Master Your Pitch

September 17, 2013

Electrical engineering major Leah Cramer ’15 joined fellow electrical, mechanical, industrial, and civil engineering students for an interactive workshop on September 9, in preparation for the Fall Job and Internship Fair on Thursday, September 19 from 11:00-3:30 in the Renaissance Coliseum. In anticipation of attending her first job fair, Cramer came prepared with questions. “I’d like to know what to expect. How formally do I address an employer at the fair, or are these opportunities more informal conversations? I am also looking at my career options.”

Sponsored by the CCET Dean’s Advisory Council (SAC), a group composed of student leaders from each of the engineering student organizations, this is the first year they invited guest speakers instead of facilitating roundtable discussions. Colleen Turner and Rachel Goodknight from Chicago’s KJWW Engineering Consultants’ human resources department offered tips on how to prepare for the fair. They encouraged students to first create a list of 6 to 10 companies from the more than 100 companies attending; next, research those companies’ websites and understand the mission statements; make sure job openings are a good fit; and finally, prepare quality questions.

“Companies are looking for articulate, smart, dependable employees,” Turner advised the majority of underclassmen. “Job fairs present you with a rare opportunity to speak directly to the source of a huge variety of companies. This encounter could be the beginning of your career, so the day of your first career fair is not the time to “wing it.”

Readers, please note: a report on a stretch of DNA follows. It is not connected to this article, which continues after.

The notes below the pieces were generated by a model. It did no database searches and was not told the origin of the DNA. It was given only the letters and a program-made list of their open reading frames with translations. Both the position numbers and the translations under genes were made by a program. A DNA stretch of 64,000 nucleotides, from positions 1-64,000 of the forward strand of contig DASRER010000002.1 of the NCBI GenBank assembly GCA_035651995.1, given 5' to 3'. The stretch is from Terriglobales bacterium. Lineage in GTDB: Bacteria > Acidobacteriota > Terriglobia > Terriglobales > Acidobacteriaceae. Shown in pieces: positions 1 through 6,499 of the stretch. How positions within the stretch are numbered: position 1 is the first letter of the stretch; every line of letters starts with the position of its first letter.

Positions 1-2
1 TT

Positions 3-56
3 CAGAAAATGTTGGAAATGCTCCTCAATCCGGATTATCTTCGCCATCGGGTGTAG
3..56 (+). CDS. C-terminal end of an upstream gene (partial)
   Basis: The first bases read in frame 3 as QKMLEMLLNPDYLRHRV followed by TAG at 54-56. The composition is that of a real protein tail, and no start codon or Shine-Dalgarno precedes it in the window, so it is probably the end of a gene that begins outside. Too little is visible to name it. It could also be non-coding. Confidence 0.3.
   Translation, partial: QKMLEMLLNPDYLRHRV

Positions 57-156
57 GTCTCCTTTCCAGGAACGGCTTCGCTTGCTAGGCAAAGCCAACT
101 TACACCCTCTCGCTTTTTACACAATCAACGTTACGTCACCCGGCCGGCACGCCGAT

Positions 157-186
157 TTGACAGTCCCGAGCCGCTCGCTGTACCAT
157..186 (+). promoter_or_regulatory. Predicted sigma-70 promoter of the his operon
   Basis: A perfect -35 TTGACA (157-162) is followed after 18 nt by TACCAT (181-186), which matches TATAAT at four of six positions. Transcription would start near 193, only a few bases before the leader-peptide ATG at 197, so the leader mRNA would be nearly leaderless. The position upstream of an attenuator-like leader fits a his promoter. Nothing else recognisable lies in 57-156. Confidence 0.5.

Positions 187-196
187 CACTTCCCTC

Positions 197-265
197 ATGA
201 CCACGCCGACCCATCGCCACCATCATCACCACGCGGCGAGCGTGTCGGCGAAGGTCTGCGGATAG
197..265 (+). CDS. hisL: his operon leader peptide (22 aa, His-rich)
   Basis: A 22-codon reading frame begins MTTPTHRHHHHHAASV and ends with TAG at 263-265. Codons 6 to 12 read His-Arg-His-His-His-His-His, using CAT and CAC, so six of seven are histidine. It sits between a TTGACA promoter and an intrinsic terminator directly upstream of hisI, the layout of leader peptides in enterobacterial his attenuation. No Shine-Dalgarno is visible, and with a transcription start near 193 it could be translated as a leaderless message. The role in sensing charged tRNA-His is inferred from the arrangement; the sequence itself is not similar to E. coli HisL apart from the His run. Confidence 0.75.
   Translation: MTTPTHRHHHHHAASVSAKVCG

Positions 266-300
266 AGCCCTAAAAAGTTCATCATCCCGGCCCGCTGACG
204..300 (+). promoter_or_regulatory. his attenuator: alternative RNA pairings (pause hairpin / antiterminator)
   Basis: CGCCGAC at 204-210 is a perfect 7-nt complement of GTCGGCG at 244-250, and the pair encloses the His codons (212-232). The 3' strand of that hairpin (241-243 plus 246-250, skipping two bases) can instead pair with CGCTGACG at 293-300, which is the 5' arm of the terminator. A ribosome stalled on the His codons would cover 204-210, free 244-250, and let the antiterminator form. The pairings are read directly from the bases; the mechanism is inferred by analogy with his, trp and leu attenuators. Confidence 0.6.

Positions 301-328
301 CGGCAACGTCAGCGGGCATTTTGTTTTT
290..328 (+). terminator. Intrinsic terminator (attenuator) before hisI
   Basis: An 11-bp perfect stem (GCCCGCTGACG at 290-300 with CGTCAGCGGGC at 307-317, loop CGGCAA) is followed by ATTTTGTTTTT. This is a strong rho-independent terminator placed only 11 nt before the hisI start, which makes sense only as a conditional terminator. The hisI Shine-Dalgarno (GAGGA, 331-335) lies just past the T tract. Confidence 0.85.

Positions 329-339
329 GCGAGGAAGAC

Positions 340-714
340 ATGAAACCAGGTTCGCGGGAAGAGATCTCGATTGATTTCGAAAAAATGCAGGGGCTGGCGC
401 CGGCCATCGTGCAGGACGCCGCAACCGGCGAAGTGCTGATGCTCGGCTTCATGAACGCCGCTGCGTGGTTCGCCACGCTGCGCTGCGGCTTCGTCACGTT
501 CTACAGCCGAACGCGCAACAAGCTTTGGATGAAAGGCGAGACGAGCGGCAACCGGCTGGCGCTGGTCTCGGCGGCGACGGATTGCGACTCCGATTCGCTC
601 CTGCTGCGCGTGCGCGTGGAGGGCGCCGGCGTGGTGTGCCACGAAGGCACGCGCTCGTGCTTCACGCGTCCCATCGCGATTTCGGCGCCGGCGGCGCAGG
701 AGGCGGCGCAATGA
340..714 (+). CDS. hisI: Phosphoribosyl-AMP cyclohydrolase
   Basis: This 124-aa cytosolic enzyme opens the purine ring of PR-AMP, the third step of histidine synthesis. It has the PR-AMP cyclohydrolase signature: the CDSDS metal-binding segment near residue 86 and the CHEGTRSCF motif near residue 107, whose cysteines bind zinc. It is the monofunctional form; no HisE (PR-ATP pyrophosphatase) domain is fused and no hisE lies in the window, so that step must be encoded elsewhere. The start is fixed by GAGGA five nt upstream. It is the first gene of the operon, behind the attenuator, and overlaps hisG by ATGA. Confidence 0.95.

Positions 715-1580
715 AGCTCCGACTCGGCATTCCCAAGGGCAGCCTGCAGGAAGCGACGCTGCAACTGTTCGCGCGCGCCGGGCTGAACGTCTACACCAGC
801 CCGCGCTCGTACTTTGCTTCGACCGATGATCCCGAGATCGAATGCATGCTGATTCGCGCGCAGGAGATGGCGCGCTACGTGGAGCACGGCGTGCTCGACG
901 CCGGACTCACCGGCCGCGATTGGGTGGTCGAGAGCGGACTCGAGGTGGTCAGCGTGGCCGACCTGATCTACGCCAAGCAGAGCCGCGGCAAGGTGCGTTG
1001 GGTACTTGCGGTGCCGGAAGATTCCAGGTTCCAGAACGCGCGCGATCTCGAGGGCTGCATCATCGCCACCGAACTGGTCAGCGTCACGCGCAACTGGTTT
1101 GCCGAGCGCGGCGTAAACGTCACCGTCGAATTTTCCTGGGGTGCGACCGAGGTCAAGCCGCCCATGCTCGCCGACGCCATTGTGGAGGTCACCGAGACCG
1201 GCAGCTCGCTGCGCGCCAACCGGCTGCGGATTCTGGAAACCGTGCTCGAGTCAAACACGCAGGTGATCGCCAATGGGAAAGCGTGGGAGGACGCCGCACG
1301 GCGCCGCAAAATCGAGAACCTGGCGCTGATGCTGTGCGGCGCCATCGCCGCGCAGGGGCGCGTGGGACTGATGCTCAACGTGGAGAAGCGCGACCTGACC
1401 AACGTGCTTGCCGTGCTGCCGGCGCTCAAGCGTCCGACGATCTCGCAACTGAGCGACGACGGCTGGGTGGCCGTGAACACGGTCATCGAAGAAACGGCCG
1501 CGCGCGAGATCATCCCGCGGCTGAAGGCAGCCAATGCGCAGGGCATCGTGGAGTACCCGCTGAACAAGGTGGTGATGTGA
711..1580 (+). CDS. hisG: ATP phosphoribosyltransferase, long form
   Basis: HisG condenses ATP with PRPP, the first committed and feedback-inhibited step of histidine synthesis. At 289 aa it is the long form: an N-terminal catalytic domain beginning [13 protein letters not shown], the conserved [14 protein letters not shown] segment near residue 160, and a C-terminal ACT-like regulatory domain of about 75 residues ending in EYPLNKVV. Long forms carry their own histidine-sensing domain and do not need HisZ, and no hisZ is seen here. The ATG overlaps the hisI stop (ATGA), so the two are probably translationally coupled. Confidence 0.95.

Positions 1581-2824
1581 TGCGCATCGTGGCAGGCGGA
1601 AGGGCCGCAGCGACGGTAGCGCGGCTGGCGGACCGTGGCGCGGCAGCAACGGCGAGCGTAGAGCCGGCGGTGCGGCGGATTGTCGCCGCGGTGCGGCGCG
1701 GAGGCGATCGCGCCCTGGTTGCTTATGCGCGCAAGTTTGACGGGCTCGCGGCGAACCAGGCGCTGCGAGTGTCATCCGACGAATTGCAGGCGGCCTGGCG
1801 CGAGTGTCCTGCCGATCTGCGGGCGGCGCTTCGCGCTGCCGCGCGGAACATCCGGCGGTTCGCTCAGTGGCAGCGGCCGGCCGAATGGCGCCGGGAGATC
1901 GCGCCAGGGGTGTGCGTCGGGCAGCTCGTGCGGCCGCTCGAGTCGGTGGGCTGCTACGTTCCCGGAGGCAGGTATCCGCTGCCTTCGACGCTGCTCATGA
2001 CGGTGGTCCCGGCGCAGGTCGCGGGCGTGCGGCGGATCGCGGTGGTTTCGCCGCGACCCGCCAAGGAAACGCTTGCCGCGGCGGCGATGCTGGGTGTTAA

Goodknight noted that students should prepare and practice a 30-60 second “elevator speech” or personal pitch that touts their unique traits and bridges what the company is about with what they have to offer.  “Be sure to request a business card from each company,” Goodknight suggested. “It’s most important to engage and ask the employer to define the next step for follow up.”

Turner added, “Your resume will open the door and advance your career or close it, and it should be as near to perfection as possible. So often your resume does the talking for you; what do you want it to say about you?” Turner further encouraged students to “let the objective line of the resume hook an employer; use a different objective line to target a specific company and connect with that specific employer.

Mechanical engineering major Luc Nguyen  ’16 was the first volunteer to energetically role-play his elevator speech with Goodknight, as Turner ended the workshop by reminding students to “Bring your ‘A’ game to your Super Bowl event. You have one time to make a favorable impression. Practice a strong handshake; make eye contact with confidence; show enthusiasm, good manners, and professionalism. Believe in yourself, and ask for the job.”

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